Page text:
ESPN owns and operates more than a dozen bowl games through its ESPN Events arm, and they’ve now added the Miami Beach Bowl to their collection.

That’s according to the American Athletic Conference, which announced the news on Friday:

The American Athletic Conference, which created the Miami Beach Bowl and has owned and operated the event since 2014, announced Friday that the game has been purchased by ESPN.  The AAC will continue its affiliation with the bowl game; it’s expected Conference USA, the MAC and Sun Belt will do the same.

It’s going to need a new name, though, as ESPN announced the game will be moving to Frisco, Texas:

The Miami Beach Bowl is leaving Miami after three seasons and will be played in Frisco, Texas, starting this year, industry sources told ESPN on Friday.

The game would be played at Toyota Stadium, a Major League Soccer stadium, which has a capacity of 20,500. The facility in the Dallas suburb annually hosts the FCS championship game each January

The tie-ins will indeed remain similar, with an AAC team taking on a Sun Belt team the next two seasons, and a MAC team the season after that.

Why would the AAC make this move? Well, here’s the big reason:

Owning the game itself was likely not a profitable venture for the AAC, and now they can pass those responsibilities off to ESPN, while retaining a postseason spot for a conference member.

ESPN loves adding inventory for bowl season, and they must think there’s something workable with this game. It’s also interesting that it’s leaving an MLB stadium and going to an MLS stadium. The novelty of seeing college football at a baseball stadium has worn off a bit, especially a stadium with no history of its own. It’s one thing if it’s at Wrigley, or Fenway, or even the new Yankee Stadium.

But no one cares about seeing a game at Marlins Park, and the logistical issues created make for a less-than-stellar crowd experience. At least a soccer stadium is shaped properly.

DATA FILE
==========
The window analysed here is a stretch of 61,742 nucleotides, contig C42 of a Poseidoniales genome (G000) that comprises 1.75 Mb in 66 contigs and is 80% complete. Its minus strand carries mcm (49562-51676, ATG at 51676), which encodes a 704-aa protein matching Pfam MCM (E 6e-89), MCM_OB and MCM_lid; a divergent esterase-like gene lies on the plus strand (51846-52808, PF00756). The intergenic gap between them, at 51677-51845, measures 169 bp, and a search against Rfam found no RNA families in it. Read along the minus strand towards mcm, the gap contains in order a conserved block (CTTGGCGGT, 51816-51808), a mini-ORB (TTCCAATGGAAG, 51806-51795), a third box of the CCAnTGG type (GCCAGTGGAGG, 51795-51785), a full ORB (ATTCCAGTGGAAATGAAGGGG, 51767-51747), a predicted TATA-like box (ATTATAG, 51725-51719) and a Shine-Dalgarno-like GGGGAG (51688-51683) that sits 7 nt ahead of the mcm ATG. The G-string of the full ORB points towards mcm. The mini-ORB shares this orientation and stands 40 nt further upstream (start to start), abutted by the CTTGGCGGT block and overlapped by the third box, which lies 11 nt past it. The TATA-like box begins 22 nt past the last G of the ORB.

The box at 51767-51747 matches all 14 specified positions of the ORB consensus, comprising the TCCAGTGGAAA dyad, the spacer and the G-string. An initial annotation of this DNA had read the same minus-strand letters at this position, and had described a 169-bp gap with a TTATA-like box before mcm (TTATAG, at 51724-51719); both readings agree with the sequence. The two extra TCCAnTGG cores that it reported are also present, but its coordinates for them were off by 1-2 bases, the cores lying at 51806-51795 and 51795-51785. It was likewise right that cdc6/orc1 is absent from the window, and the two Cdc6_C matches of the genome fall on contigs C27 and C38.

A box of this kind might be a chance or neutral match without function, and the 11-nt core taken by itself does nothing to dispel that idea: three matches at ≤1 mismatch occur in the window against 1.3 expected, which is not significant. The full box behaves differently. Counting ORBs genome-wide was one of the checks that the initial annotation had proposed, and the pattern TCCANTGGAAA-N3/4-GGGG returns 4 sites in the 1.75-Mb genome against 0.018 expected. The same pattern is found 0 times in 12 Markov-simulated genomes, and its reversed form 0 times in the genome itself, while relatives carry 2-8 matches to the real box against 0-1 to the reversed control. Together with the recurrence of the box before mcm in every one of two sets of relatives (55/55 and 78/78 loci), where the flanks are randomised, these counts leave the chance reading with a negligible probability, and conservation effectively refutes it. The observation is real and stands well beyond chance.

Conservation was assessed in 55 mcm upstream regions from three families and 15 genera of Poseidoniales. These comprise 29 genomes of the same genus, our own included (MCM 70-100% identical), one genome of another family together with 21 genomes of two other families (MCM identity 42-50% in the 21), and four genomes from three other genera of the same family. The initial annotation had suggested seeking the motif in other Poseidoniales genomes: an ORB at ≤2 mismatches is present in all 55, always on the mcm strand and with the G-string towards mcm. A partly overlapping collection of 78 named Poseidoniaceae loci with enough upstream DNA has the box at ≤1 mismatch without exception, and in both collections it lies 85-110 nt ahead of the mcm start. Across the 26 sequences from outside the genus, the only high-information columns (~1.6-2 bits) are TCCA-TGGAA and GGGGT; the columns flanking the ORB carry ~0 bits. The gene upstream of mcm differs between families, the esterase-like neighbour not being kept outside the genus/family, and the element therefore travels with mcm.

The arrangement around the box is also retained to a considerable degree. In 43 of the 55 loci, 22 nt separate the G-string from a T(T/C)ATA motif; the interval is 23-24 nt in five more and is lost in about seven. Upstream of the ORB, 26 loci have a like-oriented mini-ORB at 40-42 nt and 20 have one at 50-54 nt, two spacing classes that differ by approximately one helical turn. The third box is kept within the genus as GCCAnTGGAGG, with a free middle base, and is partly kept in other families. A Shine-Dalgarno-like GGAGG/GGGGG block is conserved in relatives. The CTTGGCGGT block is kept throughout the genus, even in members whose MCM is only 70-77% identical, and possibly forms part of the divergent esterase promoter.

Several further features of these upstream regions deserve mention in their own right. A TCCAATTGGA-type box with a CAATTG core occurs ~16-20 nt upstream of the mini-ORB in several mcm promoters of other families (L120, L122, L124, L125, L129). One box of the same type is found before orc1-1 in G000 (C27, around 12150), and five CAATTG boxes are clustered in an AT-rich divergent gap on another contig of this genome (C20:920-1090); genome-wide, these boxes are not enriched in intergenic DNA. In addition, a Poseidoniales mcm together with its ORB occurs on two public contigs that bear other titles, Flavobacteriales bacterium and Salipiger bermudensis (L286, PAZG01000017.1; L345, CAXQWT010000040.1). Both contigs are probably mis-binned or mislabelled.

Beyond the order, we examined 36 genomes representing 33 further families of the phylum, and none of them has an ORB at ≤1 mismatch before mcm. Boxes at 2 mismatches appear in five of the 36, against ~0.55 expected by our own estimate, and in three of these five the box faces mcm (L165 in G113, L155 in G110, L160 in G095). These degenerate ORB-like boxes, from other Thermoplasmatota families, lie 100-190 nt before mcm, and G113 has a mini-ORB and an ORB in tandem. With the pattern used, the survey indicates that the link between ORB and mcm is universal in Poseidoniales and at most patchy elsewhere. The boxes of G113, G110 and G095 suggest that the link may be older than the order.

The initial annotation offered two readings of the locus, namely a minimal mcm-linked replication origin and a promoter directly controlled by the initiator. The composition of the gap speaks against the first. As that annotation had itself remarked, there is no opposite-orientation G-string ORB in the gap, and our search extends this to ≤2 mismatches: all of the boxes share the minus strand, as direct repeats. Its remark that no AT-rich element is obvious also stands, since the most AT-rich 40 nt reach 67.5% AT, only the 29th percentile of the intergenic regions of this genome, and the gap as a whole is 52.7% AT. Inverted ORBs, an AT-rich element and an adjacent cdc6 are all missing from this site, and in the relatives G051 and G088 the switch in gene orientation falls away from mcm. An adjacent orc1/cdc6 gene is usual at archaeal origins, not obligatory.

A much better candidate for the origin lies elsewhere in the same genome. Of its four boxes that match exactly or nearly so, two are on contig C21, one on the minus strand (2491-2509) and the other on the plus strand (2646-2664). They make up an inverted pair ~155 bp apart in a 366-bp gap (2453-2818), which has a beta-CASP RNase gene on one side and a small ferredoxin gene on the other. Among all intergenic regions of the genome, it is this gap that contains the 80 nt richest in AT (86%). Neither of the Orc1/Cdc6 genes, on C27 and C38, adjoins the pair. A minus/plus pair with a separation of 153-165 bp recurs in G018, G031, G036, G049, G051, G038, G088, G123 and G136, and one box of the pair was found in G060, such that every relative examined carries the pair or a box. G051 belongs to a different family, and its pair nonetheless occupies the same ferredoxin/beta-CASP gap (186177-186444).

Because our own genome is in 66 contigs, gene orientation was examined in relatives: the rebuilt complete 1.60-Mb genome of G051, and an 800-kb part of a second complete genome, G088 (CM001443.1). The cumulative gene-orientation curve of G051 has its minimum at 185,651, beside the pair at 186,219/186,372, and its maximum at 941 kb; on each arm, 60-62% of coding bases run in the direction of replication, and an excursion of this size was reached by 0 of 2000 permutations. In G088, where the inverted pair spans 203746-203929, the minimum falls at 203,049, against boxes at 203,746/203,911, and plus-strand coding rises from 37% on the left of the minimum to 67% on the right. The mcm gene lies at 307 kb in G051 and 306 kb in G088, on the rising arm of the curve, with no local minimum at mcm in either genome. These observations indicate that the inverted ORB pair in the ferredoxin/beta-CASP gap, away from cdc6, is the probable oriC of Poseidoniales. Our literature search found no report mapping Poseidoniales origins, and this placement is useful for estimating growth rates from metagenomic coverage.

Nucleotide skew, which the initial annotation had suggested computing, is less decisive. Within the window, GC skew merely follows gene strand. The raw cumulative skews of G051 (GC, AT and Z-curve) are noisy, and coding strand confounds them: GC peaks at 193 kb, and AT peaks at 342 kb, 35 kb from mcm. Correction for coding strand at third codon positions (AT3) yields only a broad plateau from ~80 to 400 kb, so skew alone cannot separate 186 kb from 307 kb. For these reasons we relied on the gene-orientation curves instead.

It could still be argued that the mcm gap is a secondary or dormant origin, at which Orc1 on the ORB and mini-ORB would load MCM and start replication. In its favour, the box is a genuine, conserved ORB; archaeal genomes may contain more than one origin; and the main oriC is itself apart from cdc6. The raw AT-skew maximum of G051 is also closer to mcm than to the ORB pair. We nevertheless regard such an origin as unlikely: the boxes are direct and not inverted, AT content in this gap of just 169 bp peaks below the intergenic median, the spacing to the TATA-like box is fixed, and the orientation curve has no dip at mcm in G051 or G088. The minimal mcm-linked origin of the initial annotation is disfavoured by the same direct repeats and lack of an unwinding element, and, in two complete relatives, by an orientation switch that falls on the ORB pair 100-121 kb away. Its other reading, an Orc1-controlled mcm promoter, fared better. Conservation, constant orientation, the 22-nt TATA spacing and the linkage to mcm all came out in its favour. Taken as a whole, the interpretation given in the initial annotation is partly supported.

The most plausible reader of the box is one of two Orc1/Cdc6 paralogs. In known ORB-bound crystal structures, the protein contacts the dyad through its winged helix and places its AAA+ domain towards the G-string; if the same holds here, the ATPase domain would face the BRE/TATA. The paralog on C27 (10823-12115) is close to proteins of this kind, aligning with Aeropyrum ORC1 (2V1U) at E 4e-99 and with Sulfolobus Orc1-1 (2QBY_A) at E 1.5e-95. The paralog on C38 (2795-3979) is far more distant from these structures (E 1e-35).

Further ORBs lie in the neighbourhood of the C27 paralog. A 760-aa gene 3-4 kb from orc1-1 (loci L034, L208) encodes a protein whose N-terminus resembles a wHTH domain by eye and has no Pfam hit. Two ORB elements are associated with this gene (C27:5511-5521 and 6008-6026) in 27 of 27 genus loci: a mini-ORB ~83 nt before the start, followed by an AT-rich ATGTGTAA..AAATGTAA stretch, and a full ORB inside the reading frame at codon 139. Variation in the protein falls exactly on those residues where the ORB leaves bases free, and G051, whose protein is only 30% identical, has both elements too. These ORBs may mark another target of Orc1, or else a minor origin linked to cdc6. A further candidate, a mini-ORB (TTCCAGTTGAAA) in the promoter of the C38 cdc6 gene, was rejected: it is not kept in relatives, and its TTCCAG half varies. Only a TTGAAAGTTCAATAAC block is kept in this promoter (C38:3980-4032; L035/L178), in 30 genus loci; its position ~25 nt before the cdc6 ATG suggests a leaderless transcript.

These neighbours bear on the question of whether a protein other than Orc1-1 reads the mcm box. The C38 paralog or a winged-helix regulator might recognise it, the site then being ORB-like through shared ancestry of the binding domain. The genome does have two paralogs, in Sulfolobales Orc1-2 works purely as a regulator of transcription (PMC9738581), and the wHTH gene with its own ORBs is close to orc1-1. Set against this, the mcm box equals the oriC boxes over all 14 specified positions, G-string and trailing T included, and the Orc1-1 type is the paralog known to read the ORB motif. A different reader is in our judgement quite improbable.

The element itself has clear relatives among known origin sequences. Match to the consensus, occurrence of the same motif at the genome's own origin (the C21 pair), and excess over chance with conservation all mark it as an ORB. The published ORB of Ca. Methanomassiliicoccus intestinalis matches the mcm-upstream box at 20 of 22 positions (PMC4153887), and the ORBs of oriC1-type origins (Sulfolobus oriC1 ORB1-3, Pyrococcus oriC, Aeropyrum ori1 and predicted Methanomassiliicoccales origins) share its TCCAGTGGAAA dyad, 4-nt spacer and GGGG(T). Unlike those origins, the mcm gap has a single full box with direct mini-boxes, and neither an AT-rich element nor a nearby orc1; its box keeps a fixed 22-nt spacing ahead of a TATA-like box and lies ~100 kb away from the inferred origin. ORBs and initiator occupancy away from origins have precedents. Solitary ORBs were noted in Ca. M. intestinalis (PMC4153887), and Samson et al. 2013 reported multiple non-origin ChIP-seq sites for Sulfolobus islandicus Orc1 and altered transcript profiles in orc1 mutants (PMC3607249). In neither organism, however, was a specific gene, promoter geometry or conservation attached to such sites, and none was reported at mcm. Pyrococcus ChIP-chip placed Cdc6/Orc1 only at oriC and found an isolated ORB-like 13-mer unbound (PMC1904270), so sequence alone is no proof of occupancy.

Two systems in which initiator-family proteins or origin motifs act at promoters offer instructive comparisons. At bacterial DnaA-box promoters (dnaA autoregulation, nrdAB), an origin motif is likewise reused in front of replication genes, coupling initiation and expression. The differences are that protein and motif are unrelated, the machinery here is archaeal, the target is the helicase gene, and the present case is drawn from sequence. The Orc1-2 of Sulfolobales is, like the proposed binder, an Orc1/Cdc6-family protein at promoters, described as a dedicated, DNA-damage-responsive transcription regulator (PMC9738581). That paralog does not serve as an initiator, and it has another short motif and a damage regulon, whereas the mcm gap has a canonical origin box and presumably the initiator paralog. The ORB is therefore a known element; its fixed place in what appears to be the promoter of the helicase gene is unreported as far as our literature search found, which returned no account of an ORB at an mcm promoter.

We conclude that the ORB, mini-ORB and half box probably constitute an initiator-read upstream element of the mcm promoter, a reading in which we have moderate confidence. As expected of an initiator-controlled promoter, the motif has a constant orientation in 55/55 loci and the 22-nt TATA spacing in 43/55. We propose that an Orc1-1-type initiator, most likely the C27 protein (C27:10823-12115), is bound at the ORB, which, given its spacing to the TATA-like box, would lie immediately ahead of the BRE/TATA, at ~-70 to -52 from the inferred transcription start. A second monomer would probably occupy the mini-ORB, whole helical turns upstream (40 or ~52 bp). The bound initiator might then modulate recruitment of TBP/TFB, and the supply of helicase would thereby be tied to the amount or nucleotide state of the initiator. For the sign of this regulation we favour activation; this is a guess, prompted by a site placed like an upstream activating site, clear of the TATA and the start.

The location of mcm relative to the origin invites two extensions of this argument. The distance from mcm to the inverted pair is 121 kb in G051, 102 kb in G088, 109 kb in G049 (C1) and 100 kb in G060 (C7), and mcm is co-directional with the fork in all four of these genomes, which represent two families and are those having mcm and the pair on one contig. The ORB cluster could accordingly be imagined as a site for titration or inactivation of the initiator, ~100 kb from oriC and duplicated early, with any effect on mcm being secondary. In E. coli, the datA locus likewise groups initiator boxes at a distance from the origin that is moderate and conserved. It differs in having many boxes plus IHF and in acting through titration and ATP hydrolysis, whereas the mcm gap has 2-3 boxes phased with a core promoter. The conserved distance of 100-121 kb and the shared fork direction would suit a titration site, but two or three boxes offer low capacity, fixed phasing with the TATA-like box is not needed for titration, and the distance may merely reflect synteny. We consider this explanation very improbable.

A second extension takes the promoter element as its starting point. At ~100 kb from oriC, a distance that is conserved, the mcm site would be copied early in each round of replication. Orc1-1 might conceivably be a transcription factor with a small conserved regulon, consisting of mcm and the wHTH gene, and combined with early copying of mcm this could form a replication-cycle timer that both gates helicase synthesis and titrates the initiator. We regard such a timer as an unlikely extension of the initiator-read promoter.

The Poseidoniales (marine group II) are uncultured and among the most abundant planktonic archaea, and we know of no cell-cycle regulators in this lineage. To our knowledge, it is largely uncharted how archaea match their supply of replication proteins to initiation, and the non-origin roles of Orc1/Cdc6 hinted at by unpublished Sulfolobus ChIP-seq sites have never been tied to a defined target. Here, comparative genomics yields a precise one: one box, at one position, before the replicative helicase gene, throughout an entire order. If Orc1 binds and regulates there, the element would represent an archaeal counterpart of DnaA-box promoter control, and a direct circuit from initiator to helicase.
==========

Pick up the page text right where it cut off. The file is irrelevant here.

Still, we’ll always have all the wonderful memories the Miami Beach Bowl offered us.

Though that list really just boils down to the BYU-Memphis brawl:

RIP, random Miami bowl game.

About Jay Rigdon

Jay is a writer and editor for The Comeback, and a contributor at Awful Announcing. He is not a strong swimmer.

6 thoughts on “The Miami Beach Bowl is leaving Miami, now owned by ESPN

  1. SOOO, Espn is laying off hundreds of humans. But can buy a totally insignificant bowl game played on a monday afternoon during holiday season. Like Ron Burgunday once said. ” This network is run by children’

    1. It still generates revenue for the network though sponsorship. Even if it were played in an empty stadium it would make money.

  2. 20,500. I guess it’s better to have a half – full stadium than a mostly empty one.

  3. There’s a good chance this game is moving dates and times with the folding of the Poinsettia Bowl. One positive for them though is they’ll be getting a national radio provider, likely RedVoice LLC, since ESPN requires all ESPN Event bowls to be available on national radio.

  4. Which is hilarious, because it was never in Miami Beach, and it took place in a stadium of which the owner said it would never be used for football (which he said while also lying about being broke and swindling the taxpayers of Miami, Miami-Dade County and the entire State of Florida out of millions to build it). The Miami Beach Bowl never should have existed in the first place.

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